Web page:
Scientific Forecaster Discussion
Area forecast discussion
National Weather Service Albany New York
117 PM EDT Sat Apr 25 2015
the upper level storm has moved just far enough away of
the Gulf of Maine to allow for more sunshine and less cool
temperatures today. It will however wobble back into Maine on Sunday
which will bring more clouds and the chance for showers again Sunday
into Monday. &&
Near term /through tonight/...
As of 1015 am EDT...still looking at
a mainly clear sky except for our Adirondacks and southern greens
where a few more instability cloud have formed.
Overall forecast looks to have a good handle on things...so with
this update just some very minor tweaks of the hourly grids. No
changes to high temperatures this afternoon.
A weak anticylonic flow (as opposed to a cyclonic one) should allow
our region to remain rather tranquil today. The only minor exception
to this would be some influence of Lake Ontario along with upslope
into the dacks where a shower or two could develop coinciding with
the maximum heating of the day. Diurnally driven cumulus/SC expected with
highs mainly into the 50s for valley locations and 40s for the
The next elongated upper trough axis just to the north of the
Great Lakes region begins to migrate southward tonight. Per the
NCEP model suite...timing of this feature will delay the onset of
precipitation as we will keep most of the region dry tonight. A mixture
of clouds and stars will allow for diverse temperature ranges from
20s into the terrain and middle 30s for valley locations.
Short term /Sunday through Monday night/...
the aforementioned upper trough axis slides further southward
Sunday into Monday. This will allow for both an increase in cloud
coverage and probabilities for showers. The showers will initially
be confined mainly into the terrain on Sunday then a more coverage
is expected on Monday. In fact...Monday we will see warm
advection/isentropic lift from the north as the upper low
completely wraps in Atlantic moisture. Due to the cloud coverage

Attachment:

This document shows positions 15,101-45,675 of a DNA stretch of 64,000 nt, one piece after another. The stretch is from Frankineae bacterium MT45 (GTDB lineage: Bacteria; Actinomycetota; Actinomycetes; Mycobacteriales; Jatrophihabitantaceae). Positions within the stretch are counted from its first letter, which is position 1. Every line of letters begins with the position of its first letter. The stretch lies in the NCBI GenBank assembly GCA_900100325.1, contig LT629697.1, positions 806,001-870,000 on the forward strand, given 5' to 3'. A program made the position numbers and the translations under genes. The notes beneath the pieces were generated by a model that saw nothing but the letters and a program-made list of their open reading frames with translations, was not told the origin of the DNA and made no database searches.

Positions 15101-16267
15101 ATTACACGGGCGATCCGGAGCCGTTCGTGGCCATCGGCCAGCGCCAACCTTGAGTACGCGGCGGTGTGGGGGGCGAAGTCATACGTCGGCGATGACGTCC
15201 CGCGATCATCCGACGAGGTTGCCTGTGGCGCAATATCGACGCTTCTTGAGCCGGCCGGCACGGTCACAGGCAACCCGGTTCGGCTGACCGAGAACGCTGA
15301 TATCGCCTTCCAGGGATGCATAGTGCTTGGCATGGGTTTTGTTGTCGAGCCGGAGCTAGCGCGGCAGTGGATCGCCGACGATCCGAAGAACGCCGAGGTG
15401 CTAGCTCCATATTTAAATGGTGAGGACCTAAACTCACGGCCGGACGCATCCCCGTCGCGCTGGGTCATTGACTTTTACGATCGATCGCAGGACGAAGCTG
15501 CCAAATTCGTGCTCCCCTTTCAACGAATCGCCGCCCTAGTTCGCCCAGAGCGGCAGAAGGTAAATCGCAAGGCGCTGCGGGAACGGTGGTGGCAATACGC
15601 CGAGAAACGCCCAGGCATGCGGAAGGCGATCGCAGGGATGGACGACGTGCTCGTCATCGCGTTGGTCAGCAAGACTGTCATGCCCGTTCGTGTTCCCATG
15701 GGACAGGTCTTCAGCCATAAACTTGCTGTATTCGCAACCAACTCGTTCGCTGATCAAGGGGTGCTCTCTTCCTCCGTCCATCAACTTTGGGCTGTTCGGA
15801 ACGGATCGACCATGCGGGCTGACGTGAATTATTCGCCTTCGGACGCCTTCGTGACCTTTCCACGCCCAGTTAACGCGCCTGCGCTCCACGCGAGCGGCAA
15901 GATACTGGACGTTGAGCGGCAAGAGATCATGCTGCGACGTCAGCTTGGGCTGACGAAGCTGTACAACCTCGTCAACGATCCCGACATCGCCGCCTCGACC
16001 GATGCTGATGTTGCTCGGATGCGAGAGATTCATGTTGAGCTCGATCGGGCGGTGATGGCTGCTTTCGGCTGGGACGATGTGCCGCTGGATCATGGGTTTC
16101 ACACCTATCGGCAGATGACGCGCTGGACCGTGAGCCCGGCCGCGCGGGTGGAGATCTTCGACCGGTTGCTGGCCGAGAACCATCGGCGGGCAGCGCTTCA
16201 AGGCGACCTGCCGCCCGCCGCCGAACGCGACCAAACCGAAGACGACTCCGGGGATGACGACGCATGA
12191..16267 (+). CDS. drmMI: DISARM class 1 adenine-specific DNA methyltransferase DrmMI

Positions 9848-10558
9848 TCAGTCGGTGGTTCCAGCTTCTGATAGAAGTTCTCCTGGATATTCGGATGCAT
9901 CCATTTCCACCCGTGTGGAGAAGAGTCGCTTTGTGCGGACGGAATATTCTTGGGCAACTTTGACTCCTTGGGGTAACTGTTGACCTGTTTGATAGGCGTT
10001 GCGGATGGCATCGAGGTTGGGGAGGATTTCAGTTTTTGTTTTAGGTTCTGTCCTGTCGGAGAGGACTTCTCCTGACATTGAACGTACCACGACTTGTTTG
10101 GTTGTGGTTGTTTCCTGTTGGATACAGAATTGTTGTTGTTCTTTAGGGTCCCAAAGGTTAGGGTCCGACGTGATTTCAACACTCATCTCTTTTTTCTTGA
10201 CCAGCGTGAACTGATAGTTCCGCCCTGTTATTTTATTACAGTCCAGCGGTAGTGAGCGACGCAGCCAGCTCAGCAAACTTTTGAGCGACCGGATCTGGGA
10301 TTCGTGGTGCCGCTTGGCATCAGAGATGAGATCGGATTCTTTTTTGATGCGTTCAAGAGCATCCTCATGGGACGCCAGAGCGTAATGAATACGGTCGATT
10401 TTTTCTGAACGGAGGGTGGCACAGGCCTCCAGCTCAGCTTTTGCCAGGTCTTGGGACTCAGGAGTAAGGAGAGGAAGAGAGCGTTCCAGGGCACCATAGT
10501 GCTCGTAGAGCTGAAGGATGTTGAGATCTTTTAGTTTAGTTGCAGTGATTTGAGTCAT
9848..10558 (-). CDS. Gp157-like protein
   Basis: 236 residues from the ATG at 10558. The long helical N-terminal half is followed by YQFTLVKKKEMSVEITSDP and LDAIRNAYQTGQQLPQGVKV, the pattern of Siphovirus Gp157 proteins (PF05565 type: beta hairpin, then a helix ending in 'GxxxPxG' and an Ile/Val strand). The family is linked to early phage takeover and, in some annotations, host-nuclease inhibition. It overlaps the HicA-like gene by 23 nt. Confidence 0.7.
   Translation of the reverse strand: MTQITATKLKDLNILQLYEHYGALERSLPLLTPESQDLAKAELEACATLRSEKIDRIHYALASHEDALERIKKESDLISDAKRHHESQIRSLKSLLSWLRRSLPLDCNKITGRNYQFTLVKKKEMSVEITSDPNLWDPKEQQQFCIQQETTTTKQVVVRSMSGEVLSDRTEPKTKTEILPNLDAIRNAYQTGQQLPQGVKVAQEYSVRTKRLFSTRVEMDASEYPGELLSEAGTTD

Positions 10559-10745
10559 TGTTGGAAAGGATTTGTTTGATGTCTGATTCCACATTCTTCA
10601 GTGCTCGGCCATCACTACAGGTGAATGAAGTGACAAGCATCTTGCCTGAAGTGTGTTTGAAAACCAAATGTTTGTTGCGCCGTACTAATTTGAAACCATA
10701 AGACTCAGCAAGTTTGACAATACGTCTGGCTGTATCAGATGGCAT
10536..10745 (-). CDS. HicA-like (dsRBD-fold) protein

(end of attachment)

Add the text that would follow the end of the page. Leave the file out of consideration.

and the increase chances for showers...this too will have an
impact to the temperatures as will shave off a degree or two from
MOS guidance. Some of the highest terrain will likely see some
rain/snow mixture with little to no accumulations.
This last piece of energy quickly moves off the middle Atlantic coast
as deepening cyclogensis commences well east of the coastline.
This too will quickly end the precipitation from northwest to southeast
Monday night. Some partial clearing will commence but due to the
warming thermal profiles...overnight lows will be a little milder
with lows generally ranging from 35-45f.
Long term /Tuesday through Friday/...
the slow moving cutoff upper level low will finally be moving away
from the region by Tuesday. Aside from an early morning rain shower
in far eastern areas...dry weather with a partly sunny sky is
expected for Tuesday with temperatures rebounding back towards seasonal
values...of low to middle 60s for valley areas...and middle to upper 50s
for the high terrain.
With weak ridging at 500 hpa building into the region...dry weather
with seasonable temperatures will continue for Tuesday night through Wednesday
night. Highs look mainly in the 60s...and lows in the middle 30s to middle
40s...with skies partly to mostly clear.
There is some uncertainty in how the end of the week plays